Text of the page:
The line needs far more in pass protection and needs far more from the tackles. 6-6, 295-pound senior Tanner Hawkinson started every game last year on the right side, but now he’ll move back to the left tackle spot he manned for two yards. The former tight end has shown glimpses of being special, but he struggles way too much with the speed rushers even with his quickness and frame, but this year he’ll have to be nearly perfect with the creaky Dayne Crist likely under center.
With Hawkinson moving over, 6-6, 305-pound junior Riley Spencer will get the first look on the right side. He has the combination of smarts, size, and athleticism, while also looking the right part, but he can’t seem to stay healthy and he hasn’t shown enough to become a major factor. This year he’ll get his chance, but 6-4, 302-pound redshirt freshman Bryan Peters is extremely promising with excellent strength and upside. However, he might be a right tackle only with average foot speed.
Senior Trevor Marrongelli spent every game at left guard last season but now will get the first chance to replace Jeremiah Hatch at center. At 6-3 and 300 pounds he has good size, and he’s a year removed from missing time with a leg injury, but he’s smart, experienced, and should be more than fine in the new role. Watch out for him to become one of the team’s best run blockers. If he moves back to guard, 6-3, 277-pound redshirt freshman Dylan Admire will step in and should be fine. While he’s not all that big, he’s quick, smart enough to handle all the line calls, and extremely talented. This will be his job next year.
With Marongelli moving over, 6-4, 311-pound senior Duane Zlatnik will likely move over from right guard to the left side. The former defensive lineman is mediocre in pass protection but he’s a big, strong run blocker who should be able to blast away a bit. He’ll be the team’s most physical lineman.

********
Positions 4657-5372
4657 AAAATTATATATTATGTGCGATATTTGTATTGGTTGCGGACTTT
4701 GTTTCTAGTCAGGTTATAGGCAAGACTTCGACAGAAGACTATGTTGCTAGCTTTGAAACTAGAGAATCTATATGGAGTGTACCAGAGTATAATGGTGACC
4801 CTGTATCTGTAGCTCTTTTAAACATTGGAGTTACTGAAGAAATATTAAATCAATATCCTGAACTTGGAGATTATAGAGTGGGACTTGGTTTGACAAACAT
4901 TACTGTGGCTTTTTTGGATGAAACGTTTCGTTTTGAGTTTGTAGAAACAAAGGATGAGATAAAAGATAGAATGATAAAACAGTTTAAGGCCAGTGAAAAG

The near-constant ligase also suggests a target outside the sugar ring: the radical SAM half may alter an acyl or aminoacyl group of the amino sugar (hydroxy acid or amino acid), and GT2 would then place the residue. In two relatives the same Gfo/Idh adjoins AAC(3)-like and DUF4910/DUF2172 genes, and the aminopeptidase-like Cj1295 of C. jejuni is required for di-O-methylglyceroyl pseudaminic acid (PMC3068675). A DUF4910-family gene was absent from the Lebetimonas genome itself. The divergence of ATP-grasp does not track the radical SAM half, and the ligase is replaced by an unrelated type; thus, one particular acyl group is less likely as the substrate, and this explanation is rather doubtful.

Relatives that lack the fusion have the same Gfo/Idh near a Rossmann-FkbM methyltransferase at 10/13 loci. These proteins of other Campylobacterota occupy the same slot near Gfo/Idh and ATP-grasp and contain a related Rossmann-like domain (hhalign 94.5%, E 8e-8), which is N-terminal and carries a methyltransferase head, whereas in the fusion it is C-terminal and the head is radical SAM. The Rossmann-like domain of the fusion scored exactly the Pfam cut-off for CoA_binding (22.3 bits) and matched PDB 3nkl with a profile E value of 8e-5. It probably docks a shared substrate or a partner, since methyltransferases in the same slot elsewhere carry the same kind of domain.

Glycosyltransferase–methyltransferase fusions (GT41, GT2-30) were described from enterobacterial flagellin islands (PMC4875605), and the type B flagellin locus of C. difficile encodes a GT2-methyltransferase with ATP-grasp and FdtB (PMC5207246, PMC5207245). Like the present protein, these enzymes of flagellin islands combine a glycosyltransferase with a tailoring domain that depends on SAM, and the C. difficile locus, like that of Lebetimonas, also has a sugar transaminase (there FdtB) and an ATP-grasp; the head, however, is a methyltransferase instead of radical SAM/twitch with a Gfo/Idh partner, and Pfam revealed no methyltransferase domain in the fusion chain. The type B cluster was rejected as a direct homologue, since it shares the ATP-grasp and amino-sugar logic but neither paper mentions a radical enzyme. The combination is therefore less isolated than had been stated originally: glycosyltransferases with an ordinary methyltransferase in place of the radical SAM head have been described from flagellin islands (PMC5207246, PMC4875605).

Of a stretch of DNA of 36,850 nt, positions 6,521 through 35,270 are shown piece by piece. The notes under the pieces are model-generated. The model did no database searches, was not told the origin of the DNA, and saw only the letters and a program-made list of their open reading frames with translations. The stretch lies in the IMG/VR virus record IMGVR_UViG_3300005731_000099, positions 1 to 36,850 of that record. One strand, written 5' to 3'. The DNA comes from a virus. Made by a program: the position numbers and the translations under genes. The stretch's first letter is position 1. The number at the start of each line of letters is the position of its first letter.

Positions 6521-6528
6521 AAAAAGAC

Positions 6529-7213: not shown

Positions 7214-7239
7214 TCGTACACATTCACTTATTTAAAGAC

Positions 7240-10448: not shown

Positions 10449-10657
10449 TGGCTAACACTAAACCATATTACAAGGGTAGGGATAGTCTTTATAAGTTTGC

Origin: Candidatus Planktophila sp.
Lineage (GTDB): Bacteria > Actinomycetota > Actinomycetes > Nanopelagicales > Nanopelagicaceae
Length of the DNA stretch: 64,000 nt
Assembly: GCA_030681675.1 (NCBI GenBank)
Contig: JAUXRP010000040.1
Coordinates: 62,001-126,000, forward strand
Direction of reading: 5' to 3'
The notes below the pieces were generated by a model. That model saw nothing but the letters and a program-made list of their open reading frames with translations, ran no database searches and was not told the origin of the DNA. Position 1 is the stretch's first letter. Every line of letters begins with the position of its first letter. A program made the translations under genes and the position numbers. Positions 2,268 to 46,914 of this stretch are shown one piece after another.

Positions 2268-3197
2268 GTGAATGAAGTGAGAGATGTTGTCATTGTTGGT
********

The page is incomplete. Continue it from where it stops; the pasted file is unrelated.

The right guard spot will be the one big question mark. Zlatnik could move back there if needed, but 6-4, 292-pound junior Gavin Howard has good upside and is versatile enough to play in a variety of spots. He’s built like a tackle but is far better suited to the inside. Battling for the job will be top JUCO transfer Aslam Sterling all but certain to step in. At 6-5 and 330 pounds he’s massive, but he has just good enough feet to be tried out at tackle if needed.
Watch Out For … a depth chart written in pencil. It’s all up to Sterling. If he shows he can handle himself at tackle, he’ll probably work on the right side and Spencer will kick inside to guard. Will Marrongelli really stick at center? Will Zlatnik stay on the left side and does Hawkinson have enough to keep Crist healthy? Stay tuned.
Strength: Experience. The Jayhawks had the same combination of all five starters for all 12 games. While two of the pieces are missing, the shuffling won’t be a problem to fill in the gaps. The potential is there for the starting five to be a rock once the coaching staff settles on the positions.
Weakness: Production. Yeah, all five starters played every game. They weren’t any good. The run blocking was fine at times but the pass protection was non-existent. Zlatnik has pro potential and most of the line looks the part, but now it has to block someone.
Outlook: The line has to do two things well. It has to run block early to set the tone and keep the Jayhawk defense off the field, and it has to keep QB Dayne Crist upright. The tackles are merely adequate but the interior should be solid and strong.
Unit Rating: 6.5